But so what? Are we to conclude that because a rank outsider won the tournament, the course is somehow inadequate? Look at the players Curtis beat - Thomas Bjorn, Vijay Singh, Tiger Woods and Davis Love III. Had any of them played just one or two fewer shots over the course of four rounds, the talk would have been very different. Royal St. George's would have been vindicated and Curtis's podium finish might not have been mentioned anywhere but in his hometown Columbus Dispatch.

Professional golfers don't care for Sandwich's unexpected bounces and unseen pot bunkers. These days, the game has become formulaic. They expect to see a shot with a 52-degree wedge carry 148 yards (or thereabouts), pitch, bounce two yards and come to an abrupt stop. And they definitely expect to see drives that fly down the middle of the fairway finish in the middle of the fairway.

They are apt to forget they play the game not on a standardized playing field where this week's course looks and plays much the same as the previous week's, but on an organic golf course that lives and breathes and changes continuously. The ability to adapt to the challenge of the new course and imagine, then execute, the shots it demands is surely part of the game's attraction. And dealing with bad bounces is absolutely part of the challenge at links courses. Everyone gets them and it's those that shrug them off the best who invariably fare much better.

Rory McIlroy showed at the U.S. Open he is pretty good at shrugging off past calamities, winning by eight shots just two months after losing his final-round lead in the Masters. Some wondered if, for all his talent, he might ever get over his spectacular demise at Augusta. But with an almost flawless display of ball-striking and shot-making at Congressional, he proved beyond reasonable doubt that, even though he is fourth in the World Golf Ranking, his best golf is the best golf in the world right now.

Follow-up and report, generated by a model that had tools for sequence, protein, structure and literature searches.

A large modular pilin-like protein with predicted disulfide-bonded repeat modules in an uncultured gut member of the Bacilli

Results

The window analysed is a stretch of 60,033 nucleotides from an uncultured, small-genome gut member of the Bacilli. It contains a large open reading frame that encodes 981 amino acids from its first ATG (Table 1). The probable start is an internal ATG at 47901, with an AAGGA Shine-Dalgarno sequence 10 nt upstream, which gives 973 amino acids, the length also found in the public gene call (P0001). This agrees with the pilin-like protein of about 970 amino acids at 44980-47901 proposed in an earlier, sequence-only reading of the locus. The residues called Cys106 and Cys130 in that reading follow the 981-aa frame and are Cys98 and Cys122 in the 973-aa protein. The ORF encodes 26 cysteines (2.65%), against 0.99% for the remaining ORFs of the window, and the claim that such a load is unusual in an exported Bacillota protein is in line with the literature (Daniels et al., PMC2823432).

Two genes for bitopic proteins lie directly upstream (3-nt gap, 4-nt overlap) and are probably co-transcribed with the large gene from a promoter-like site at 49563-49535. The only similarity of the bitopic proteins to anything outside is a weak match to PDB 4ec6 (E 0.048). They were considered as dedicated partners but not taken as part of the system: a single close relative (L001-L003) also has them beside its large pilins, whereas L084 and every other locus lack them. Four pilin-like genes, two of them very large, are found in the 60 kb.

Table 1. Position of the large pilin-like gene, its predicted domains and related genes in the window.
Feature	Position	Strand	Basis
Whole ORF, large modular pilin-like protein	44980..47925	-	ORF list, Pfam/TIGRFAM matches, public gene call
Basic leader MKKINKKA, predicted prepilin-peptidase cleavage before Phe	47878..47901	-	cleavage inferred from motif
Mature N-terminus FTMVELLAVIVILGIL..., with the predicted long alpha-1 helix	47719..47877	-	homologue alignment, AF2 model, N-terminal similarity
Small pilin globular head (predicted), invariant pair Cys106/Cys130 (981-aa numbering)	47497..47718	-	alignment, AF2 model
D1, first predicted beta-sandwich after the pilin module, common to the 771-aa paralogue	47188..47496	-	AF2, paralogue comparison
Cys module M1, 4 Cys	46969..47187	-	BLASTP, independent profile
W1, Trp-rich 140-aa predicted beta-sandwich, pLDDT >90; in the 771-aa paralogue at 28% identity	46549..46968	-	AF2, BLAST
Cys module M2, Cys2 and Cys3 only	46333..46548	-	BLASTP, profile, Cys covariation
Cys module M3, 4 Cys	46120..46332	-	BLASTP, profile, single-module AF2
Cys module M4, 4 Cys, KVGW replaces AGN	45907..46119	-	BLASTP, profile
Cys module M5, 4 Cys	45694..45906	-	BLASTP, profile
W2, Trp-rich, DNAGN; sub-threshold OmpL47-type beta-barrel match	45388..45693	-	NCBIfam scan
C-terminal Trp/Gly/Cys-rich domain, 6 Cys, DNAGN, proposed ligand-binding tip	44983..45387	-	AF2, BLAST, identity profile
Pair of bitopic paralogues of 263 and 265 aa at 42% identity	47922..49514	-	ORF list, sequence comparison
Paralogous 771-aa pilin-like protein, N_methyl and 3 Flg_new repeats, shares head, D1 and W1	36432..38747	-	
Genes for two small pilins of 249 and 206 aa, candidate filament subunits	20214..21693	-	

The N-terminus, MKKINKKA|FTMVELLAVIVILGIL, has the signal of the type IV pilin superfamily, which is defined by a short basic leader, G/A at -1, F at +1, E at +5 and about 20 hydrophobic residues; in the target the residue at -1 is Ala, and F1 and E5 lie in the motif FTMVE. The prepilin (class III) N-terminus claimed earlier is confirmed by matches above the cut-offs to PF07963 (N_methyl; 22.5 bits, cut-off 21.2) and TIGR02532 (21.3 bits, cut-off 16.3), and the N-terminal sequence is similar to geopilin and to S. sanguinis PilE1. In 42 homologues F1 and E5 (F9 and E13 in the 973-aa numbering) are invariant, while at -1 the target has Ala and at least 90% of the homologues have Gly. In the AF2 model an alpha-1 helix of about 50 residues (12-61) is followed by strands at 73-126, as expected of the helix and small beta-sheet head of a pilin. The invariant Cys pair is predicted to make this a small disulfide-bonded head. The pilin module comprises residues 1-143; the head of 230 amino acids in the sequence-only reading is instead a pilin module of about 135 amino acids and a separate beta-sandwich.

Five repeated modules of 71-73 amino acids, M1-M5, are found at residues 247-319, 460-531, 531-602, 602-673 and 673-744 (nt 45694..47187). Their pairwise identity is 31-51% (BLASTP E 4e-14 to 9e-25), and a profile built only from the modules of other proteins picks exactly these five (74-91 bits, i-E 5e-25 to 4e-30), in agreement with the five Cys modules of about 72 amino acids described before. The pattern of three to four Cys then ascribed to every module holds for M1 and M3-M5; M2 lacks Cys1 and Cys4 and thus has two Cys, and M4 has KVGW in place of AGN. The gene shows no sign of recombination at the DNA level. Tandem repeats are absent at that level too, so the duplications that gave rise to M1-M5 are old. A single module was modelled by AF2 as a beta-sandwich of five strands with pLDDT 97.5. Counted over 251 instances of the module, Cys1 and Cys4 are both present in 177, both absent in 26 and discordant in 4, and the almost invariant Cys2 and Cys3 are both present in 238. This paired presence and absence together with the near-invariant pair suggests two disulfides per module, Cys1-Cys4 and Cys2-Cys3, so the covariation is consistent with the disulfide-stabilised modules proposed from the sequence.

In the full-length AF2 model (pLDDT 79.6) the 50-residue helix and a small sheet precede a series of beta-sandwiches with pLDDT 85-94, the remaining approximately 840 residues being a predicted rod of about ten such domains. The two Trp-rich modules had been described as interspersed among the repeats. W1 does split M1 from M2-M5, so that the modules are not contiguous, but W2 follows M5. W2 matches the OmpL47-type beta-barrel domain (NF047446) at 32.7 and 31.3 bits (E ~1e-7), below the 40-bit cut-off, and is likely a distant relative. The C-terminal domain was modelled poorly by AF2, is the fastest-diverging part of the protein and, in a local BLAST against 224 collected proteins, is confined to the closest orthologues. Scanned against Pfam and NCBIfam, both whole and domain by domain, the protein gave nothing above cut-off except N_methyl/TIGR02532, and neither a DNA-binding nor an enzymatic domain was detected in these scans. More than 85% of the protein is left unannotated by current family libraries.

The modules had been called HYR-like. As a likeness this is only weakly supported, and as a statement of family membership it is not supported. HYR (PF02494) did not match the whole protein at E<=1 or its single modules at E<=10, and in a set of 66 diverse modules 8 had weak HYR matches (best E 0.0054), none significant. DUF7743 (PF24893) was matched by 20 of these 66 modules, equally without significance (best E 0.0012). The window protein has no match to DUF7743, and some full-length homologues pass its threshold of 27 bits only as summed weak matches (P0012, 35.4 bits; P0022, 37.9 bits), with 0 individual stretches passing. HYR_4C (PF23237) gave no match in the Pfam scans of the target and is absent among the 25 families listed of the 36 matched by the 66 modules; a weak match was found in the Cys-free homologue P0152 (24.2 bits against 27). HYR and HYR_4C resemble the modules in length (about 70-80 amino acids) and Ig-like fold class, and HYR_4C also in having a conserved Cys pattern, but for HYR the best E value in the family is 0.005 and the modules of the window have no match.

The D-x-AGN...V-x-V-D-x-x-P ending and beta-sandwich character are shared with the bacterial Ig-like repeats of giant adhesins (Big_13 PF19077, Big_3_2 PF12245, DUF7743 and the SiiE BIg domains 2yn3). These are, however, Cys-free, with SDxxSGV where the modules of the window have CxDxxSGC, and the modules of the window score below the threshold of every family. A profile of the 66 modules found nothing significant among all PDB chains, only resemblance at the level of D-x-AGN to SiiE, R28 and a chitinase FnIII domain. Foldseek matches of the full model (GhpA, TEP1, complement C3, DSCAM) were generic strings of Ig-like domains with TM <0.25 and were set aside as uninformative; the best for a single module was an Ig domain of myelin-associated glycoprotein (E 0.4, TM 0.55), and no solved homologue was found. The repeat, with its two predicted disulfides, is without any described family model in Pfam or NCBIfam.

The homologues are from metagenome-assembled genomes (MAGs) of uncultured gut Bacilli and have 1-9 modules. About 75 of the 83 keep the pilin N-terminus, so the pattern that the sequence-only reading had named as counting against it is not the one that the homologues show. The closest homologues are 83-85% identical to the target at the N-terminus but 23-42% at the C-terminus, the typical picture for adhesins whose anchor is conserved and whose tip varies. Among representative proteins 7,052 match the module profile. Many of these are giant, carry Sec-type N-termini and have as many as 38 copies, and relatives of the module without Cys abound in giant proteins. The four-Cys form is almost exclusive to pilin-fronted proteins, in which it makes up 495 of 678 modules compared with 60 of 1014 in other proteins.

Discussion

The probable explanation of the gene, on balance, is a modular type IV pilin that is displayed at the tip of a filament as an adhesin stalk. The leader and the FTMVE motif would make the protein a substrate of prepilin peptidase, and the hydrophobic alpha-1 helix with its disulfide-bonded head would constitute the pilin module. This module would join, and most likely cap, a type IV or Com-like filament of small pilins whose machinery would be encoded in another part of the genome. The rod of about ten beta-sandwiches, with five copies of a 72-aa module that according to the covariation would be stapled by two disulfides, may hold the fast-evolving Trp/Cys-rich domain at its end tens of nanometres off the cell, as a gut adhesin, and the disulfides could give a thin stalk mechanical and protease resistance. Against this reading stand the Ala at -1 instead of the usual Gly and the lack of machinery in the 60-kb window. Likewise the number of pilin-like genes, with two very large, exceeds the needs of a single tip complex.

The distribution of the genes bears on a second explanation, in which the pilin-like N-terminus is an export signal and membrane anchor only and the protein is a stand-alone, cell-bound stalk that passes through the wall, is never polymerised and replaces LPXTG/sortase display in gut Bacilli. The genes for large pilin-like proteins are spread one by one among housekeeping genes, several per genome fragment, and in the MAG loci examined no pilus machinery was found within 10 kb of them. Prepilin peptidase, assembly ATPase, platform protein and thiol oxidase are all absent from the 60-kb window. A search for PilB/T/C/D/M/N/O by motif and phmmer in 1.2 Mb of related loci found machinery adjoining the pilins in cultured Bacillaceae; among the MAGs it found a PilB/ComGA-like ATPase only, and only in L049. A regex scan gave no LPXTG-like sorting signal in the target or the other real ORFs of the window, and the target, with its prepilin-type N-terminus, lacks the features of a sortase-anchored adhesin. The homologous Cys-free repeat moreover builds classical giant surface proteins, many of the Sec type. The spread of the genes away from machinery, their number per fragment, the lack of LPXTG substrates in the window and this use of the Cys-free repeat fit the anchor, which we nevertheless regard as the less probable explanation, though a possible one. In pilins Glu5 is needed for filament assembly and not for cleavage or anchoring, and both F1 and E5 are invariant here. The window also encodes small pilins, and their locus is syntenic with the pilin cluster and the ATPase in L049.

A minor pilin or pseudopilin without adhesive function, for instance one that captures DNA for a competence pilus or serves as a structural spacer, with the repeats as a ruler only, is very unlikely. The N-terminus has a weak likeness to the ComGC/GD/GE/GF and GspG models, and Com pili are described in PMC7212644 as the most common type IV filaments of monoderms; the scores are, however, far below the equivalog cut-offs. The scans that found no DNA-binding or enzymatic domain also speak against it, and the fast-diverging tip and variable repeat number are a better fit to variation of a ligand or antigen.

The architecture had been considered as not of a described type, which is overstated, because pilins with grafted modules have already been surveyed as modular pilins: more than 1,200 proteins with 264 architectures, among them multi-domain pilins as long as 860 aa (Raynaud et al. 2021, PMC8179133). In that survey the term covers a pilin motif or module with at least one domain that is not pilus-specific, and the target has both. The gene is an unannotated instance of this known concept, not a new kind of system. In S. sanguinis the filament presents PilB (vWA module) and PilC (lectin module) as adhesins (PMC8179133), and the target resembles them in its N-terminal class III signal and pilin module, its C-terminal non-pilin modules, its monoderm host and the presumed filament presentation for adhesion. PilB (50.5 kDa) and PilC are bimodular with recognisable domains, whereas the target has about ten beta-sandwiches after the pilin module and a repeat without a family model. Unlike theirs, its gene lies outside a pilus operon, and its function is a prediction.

Better even than Luke Donald's. The world No. 1 has 11 top-10s from 13 events in the U.S. and Europe so far this season, with four wins - the fourth coming last week in the Scottish Open on the fantastic new links course at Castle Stuart in the Highlands. With that win, Donald established a 1.12-point lead at the top of the world rankings over fellow Englishman Lee Westwood.

Donald's record at the Open Championship is surprisingly poor, however - one top-10 from 10 starts as a professional and amateur, but you get the impression that even with Royal St. George's added length (105 yards since 2003) Donald, who is 152nd in the PGA Tour's driving distance category, still has the mental and physical tools to win his first major this week.

McIlroy and Donald certainly begin the week as hot favorites with Lee Westwood - who tied for 14th in Scotland last week - lurking nearby. With so many top-three finishes in majors in recent years, the 38-year-old No. 2-ranked player in the world clearly has the game to win. But question marks over whether or not he has the temperament to land one of the Grand Slam events will hover above his head for as long as the drought continues.

With Germany's Martin Kaymer at No. 3 in the rankings, and Padraig Harrington and Justin Rose showing well in Inverness last week, you have to say the prospects of a European victory this week - the continent's fourth in six majors - are really rather good . . . especially if they get fewer bad bounces.

Tony Dear is an Englishman living in Bellingham, Wash. In the early 1990s he was a member of the Liverpool University golf team which played its home matches at Royal Liverpool GC. Easy access to Hoylake made it extremely difficult for him to focus on Politics, his chosen major. After leaving Liverpool, he worked as a golf instructor at a club just south of London where he also made a futile attempt at becoming a 'player.' He moved into writing when it became abundantly clear he had no business playing the game for a living. A one-time golf correspondent of the New York Sun, Tony is a member of the Golf Writers Association of America, the Pacific Northwest Golf Media Association and the Golf Travel Writers Association. He is a multi-award winning journalist, and edits his own web site at